A couple of days ago I bought a Cosmicar 8mm f/1.4 CCTV C-mount lens. Since there are no ultra-fast ultra-wide angle lenses for either Micro Four Thirds or Nikon 1, I wanted to try it out and see if it would work. What I wanted to use it for were nighttime landscapes with an emphasis on the sky. I always wanted to try out photographing the stars, Milky Way, etc. Of course, as is often the case with C-mount lenses, there was a chance that it wouldn’t work at all.
A rare lens
There is no mention of the Cosmicar 8mmm f/1.4 CCTV C-mount lens on either ebay US or ebay Germany – not even under completed listings. There is also very little info regarding the lens on the web. I found a thread on mu-43.com eventually, but this was after I bought the lens. There is a lot more info about Cosmicar 8mm f/1.5 and 8.5mm f/1.5 lenses, though, neither of which are able to illuminate the entire 4/3 sensor.
Since there seem to be a lot of similar lenses – at least with similar specs – I’ve included several images of my Cosmicar 8mm f/1.4 down below.
Yesterday I recorded another damselfly video with me trying to pick one up with my finger from an aquatic plant and failing a couple of times, but succeeding in the end. This video was recorded with a Nikon 1 V1 and Nikon 1 Nikkor 10-30mmm f/3.5-5.6 and is therefore far better quality wise than the last one, which was filmed with a Ricoh GR Digital III in standard resolution (640*480 pixels).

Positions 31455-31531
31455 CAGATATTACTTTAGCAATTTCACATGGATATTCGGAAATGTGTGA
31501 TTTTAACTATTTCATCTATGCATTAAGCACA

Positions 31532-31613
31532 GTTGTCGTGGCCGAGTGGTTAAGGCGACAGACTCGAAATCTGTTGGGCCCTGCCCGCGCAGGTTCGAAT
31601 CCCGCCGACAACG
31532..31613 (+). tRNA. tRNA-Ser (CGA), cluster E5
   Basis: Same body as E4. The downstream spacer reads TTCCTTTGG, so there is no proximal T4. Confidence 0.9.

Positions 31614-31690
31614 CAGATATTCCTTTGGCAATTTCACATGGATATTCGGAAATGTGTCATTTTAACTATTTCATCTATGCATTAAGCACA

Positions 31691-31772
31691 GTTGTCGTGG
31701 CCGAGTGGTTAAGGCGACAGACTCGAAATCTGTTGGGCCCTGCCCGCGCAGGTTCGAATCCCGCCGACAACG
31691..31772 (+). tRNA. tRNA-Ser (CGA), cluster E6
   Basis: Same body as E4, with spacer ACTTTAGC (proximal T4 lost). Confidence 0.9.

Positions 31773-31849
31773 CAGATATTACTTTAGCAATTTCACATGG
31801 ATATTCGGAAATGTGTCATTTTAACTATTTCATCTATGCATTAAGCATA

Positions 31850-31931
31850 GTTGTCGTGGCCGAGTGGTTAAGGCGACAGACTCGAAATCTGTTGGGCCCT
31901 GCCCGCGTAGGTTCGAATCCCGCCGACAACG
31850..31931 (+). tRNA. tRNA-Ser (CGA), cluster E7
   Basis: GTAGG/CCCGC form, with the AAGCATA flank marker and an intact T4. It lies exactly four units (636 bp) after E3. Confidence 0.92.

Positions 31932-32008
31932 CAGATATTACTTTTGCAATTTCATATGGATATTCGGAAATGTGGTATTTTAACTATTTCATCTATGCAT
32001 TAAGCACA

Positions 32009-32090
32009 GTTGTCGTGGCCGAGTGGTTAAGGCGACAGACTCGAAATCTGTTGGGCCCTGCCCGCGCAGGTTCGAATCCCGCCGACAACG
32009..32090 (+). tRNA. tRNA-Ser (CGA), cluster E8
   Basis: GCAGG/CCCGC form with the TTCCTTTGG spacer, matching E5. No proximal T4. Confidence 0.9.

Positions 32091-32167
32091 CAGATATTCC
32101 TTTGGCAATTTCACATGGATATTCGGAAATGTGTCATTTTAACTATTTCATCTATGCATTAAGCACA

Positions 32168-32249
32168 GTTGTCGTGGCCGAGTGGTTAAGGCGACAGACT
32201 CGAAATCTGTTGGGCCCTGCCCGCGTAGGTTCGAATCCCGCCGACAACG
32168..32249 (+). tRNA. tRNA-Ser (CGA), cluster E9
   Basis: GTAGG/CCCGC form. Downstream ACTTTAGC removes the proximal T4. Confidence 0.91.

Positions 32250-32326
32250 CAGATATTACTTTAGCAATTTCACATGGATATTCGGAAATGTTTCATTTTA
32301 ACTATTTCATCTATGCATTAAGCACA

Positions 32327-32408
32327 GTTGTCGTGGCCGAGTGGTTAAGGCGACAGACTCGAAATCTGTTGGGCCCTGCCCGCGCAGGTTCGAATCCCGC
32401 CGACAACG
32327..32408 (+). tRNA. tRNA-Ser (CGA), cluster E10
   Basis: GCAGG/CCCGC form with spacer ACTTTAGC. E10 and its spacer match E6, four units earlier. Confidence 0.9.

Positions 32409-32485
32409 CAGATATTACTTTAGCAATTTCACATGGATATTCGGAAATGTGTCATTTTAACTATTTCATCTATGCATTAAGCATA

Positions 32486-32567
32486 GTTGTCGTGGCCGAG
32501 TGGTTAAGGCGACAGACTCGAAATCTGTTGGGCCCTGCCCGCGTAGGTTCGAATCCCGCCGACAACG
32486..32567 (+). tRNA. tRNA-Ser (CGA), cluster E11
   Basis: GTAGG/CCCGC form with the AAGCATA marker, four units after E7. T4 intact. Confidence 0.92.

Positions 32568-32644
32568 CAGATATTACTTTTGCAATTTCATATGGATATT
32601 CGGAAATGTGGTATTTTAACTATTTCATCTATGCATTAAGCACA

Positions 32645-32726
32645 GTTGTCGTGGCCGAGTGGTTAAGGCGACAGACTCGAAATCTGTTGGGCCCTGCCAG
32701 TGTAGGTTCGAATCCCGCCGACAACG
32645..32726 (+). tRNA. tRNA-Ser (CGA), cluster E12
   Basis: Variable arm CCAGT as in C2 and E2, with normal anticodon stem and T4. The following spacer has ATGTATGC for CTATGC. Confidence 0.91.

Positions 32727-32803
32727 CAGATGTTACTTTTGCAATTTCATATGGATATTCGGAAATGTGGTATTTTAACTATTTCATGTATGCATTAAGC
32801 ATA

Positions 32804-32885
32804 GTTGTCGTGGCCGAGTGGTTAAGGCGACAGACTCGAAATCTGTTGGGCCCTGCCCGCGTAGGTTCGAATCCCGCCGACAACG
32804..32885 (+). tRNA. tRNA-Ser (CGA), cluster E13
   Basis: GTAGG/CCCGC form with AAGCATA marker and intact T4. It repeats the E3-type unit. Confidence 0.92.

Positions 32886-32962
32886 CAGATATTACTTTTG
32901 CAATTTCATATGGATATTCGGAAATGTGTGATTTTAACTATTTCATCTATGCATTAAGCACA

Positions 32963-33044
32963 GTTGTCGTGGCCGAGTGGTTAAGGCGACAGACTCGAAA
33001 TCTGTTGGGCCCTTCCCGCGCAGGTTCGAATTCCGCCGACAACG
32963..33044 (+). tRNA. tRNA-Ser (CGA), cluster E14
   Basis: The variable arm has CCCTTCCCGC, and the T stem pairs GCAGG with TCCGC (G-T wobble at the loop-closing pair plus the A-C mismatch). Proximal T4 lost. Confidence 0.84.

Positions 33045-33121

Damselflies are many a macro photographer’s favorite subject. They are colorful, slim and elegant. When you look at their face, they often appear to be smiling. Described in one word, they are beautiful. They are also very active and wary, which makes them challenging to photograph for novice photographers. But if you are familiar with their behavior, there are ways to trick them into posing for the camera very patiently or even into sitting on your finger. And you don’t even have to get up at 5am, when all insects are slow due to lower temperatures.
Less than a week ago I finished making a macro diffuser for my Meike MK320. Unlike the first version of the diffuser (see here), which was intended to work with the built-in flash of my Olympus OM-D E-M10 and was made of paper – and was therefore fiddly and not very robust – this one is mostly made of cardboard. The inside is layered with aluminium foil, in order to reflect more light and therefore increase effective output and improve flash recycle time.
I’m not entirely sure that I have succeeded in making the setup more efficient, but I’m very satisfied with the look of the photos. The light doesn’t look hard, which is the most important aspect for me.
Three weeks ago I bought a used Nikon 1 Nikkor VR 30-110mm f/3.8-5.6 lens for my Nikon 1 V1. It wasn’t exactly in pristine condition, but the price was too tempting to let the opportunity pass. As the luck would have it, my EN-EL15 battery died just several days before. The 30-110mm arrived sooner than my replacement battery from ChiliPower. Since going by its cosmetic condition I wasn’t sure that it would even work, I was biting my nails, waiting to test the lens out. And as you probably know, if you’ve bought enough used gear online, there are many conman out there. Luckily the 30-110mm turned out to be an excellent workhorse in disguise of an ugly duckling. 🙂